However the Druid is somewhat surprised that nothing so far has been heard from the member of the ruling group who also happens to chair the Anglesey chapter of the Federation of Small Businesses. I can't imagine that the FSB is in favour of these parking changes which will hit Anglesey's already struggling small retailers particularly hard. I would appeal to that councillor to put the interests of the small businesses he represents above those of the ruling coalition of which he is a part. This policy is seriously flawed and needs to be stopped before further damage is wantonly inflicted on Anglesey's town centre shops and businesses.

UPDATE 16 Nov: The councillor alluded to above, Cllr Selwyn Williams, did indeed speak out against the pay-and-display changes today and voted to send the decision to the Full Council. Well done him.

Friday, 12 November 2010

Pay and Display Madness (updated)

Please,  no more.
On the very same day that Gwynedd County Council announced that they would make all council car parks free during the Christmas period to help local businesses, Anglesey County Council decided to instead announce that the following free car parks will henceforth become pay and display sites:

  • Village car park, Cemaes
  • Library car park, Benllech
  • The Square car park, Benllech
  • Stanley Crescent car park, Holyhead 
  • Railway Stores car park, Llangefni (short stay)
  • Library car park, Rhosneigr (seasonal)
  • Church Bay car park (seasonal)
  • Beach car park, Rhoscolyn (seasonal)

Why? Apparently so as to provide a consistent policy throughout the island. Currently some towns and villages have pay and display car parks and some don't -- therefore the Council has decided that all locales must suffer equally.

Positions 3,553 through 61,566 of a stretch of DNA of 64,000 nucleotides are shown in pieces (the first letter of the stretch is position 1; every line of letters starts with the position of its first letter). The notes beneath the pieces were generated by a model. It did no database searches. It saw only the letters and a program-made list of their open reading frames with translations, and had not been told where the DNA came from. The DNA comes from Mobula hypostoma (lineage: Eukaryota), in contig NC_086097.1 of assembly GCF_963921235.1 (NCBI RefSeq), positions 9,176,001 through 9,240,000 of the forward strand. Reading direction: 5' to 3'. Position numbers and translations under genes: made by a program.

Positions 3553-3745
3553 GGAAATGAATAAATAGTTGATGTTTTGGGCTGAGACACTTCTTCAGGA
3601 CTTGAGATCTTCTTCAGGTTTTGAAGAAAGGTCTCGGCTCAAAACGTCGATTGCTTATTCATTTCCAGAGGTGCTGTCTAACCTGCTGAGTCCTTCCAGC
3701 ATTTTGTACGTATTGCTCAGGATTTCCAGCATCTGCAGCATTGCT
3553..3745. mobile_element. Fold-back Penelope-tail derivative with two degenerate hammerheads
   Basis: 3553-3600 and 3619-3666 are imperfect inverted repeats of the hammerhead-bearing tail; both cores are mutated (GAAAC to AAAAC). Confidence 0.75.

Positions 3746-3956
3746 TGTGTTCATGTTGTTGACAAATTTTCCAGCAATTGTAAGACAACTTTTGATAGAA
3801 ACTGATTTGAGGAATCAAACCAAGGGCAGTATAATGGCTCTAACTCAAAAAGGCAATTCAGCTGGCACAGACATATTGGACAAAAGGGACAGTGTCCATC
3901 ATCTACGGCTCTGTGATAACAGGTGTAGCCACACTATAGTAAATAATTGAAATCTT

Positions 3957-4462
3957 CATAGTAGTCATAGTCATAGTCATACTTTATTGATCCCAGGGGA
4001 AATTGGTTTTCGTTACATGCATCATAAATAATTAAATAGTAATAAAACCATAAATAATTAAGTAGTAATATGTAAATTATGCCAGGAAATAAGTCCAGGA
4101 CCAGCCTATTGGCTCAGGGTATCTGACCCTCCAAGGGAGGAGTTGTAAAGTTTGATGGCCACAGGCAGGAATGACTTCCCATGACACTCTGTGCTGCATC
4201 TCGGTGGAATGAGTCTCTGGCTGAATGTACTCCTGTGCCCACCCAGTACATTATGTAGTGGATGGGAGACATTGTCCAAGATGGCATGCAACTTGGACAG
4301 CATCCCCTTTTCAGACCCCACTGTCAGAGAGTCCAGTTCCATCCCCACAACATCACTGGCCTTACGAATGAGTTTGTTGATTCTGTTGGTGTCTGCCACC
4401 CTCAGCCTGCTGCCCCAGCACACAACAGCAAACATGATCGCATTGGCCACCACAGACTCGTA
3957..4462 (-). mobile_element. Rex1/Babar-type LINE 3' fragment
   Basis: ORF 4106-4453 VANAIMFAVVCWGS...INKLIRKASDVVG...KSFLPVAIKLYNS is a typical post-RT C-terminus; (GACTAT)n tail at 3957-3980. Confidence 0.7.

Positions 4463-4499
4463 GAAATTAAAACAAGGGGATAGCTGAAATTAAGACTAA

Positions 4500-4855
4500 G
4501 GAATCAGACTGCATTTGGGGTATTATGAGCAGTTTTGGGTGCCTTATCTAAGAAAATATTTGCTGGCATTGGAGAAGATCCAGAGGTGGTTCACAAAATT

According to council documents these new car parks will generate approximately £30,000 a year in income -- the same documents do not detail how much these changes might translate into loss of income for local businesses. I also note that there is no mention of such a policy in the ruling coalition's recently released "manifesto".

As far as I am concerned this is sheer madness. Anglesey is on its knees following the closure of many of its largest employers and the loss of over 2,100 private sector jobs in a very short period of time. Our town centres are already struggling because of the increase in out-of-town and edge-of-town supermarkets and the general inconvenience of parking. The Council should be doing everything in its power to protect and promote Anglesey's existing small businesses, not adding to their problems for the sake of a paltry £30,000 a year in extra income -- income which would probably otherwise found its way to the very same small retailers which will now suffer from these new paid car-parks. Unlike Gwynedd County Council, Anglesey Council doesn't seem to realise that the best way to sustainably increase their own income over the long-term is to support healthy and thriving local businesses. Madness.

You can see the council documents below: IoACC Car Parking documents

UPDATE:  In a bid to help the council identify savings which would allow the currently free car parks to remain free car parks, Cllr Durkin has now officially called on Anglesey County Council to cut councillors allowanced by half in order to save £360K per annum:
B Durkin press release

Thursday, 11 November 2010

Adam Price is right -- and I can prove it.

As far as I'm concerned Adam Price, the ex-Plaid Cymru MP and leadership contender, hit the nail squarely on the head when he told a BBC Wales programme yesterday that:

"a lack of skills amongst [Welsh Assembly] politicians is making it difficult to tackle big economic challenges".

He also went on to say:

"The gap between the problems we face in Wales and the skill-set of the people we're drawing in to politics is huge".